Application of Radioactivity

Application of Radioactivity

Radioisotopes find numerous applications in a variety of areas such as medicine, agriculture, biology, chemistry, archeology, engineering and industry.

(1)  Age determination: The age of earth has been determined by uranium dating technique as follows. Samples of uranium ores are found to contain  as a result of long series of a- and b-decays. Now if it is assumed that the ore sample contained no lead at the moment of its formation, and if none of the lead formed from  decay has been lost then the measurement of the  ratio will give the value of time t of the mineral.                  


where l is the decay constant of uranium-238


Similarly, the less abundant isotope of uranium,  eventually decays to  decays to  and thus the ratios of  and  can be used to determine the age of rocks and minerals.

 (half-life 5760 years) was used by Willard Libby (Nobel lauret) in determining the age of carbon-bearing materials (e.g. wood, animal fossils, etc.) Carbon-14 is produced by the bombardment of nitrogen atoms present in the upper atmosphere with neutrons (from cosmic rays).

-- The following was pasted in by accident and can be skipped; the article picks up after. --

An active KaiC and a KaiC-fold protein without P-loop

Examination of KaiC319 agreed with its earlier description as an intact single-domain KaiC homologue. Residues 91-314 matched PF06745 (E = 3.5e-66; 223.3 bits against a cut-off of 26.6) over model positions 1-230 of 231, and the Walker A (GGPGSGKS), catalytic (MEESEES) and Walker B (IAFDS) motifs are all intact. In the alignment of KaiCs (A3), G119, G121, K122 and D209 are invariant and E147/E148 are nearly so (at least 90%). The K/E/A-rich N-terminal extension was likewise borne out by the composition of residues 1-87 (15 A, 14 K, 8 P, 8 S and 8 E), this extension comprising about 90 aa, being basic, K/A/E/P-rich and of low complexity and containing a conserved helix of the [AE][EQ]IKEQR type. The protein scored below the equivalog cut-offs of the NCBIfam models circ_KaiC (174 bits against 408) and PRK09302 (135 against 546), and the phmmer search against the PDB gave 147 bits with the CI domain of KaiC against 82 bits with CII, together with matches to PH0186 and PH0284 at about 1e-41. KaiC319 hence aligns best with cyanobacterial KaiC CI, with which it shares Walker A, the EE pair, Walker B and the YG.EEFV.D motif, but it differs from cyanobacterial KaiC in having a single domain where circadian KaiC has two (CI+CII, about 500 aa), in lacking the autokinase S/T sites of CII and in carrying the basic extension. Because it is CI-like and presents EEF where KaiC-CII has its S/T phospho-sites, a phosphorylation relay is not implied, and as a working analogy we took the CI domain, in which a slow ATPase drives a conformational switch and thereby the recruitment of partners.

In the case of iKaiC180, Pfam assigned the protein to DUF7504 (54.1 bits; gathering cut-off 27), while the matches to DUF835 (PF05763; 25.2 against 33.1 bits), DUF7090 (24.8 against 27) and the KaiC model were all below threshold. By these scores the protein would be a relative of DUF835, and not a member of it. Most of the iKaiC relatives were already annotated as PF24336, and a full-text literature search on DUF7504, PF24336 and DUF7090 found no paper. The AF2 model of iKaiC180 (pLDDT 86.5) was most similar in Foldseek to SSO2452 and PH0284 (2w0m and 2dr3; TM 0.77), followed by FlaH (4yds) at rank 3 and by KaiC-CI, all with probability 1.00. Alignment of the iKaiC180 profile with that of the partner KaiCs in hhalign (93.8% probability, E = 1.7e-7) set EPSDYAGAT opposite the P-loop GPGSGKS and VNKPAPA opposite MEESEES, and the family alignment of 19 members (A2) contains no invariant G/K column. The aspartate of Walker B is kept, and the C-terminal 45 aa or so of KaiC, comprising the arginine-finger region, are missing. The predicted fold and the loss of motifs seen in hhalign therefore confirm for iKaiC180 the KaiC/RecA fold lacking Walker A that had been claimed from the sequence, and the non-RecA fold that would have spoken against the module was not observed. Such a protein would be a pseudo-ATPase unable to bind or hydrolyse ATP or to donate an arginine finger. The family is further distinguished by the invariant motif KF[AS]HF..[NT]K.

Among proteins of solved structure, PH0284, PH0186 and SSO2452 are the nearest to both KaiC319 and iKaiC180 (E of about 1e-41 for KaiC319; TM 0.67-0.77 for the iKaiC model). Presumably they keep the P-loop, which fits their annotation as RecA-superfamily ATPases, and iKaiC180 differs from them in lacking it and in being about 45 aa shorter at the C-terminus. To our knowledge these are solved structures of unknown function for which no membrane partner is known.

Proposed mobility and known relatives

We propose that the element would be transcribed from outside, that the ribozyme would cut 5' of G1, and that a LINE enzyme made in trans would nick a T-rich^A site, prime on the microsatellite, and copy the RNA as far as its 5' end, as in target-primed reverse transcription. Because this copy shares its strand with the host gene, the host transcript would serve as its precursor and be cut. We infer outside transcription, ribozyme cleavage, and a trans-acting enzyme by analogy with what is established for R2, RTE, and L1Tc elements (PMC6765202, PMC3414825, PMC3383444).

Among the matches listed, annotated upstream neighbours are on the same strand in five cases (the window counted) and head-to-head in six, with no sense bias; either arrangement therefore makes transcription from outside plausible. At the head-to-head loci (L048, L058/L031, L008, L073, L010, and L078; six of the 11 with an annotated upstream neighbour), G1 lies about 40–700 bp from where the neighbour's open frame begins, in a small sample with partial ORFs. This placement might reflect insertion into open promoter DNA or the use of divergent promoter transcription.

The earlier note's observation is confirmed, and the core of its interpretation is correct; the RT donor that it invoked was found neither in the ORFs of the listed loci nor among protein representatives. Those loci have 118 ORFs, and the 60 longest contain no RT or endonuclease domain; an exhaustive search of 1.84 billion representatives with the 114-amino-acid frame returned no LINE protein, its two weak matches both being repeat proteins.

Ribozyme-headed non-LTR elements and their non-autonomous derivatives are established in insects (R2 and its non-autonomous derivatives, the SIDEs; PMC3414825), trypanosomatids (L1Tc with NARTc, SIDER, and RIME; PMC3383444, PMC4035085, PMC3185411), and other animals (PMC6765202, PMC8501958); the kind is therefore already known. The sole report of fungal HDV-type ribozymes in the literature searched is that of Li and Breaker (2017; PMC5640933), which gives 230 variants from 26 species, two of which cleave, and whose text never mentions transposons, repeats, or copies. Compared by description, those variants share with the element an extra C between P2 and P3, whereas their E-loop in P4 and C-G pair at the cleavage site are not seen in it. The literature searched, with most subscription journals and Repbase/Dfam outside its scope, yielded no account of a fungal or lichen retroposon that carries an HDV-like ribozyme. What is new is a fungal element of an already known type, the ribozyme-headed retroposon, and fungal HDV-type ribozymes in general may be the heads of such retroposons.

Thus carbon-14 is oxidised to  and eventually ingested by plants and animals. The death of plants or animals puts an end to the intake of  from the atmosphere. After this the amount of  in the dead tissues starts decreasing due to its disintegration.

It has been observed that on an average, one gram of radioactive carbon emits about 12 b-particles per minute. Thus by knowing either the amount of C-14 or the number of b-particles emitted per minute per gram of carbon at the initial and final (present) stages, the age of carbon material can be determined by using the following formulae.


where t = Age of the fossil, l = Decay constant, = Initial radioactivity (in the fresh wood), = Radioactivity in the fossil

The above formula can be modified as,

Similarly, tritium  has been used for dating purposes.

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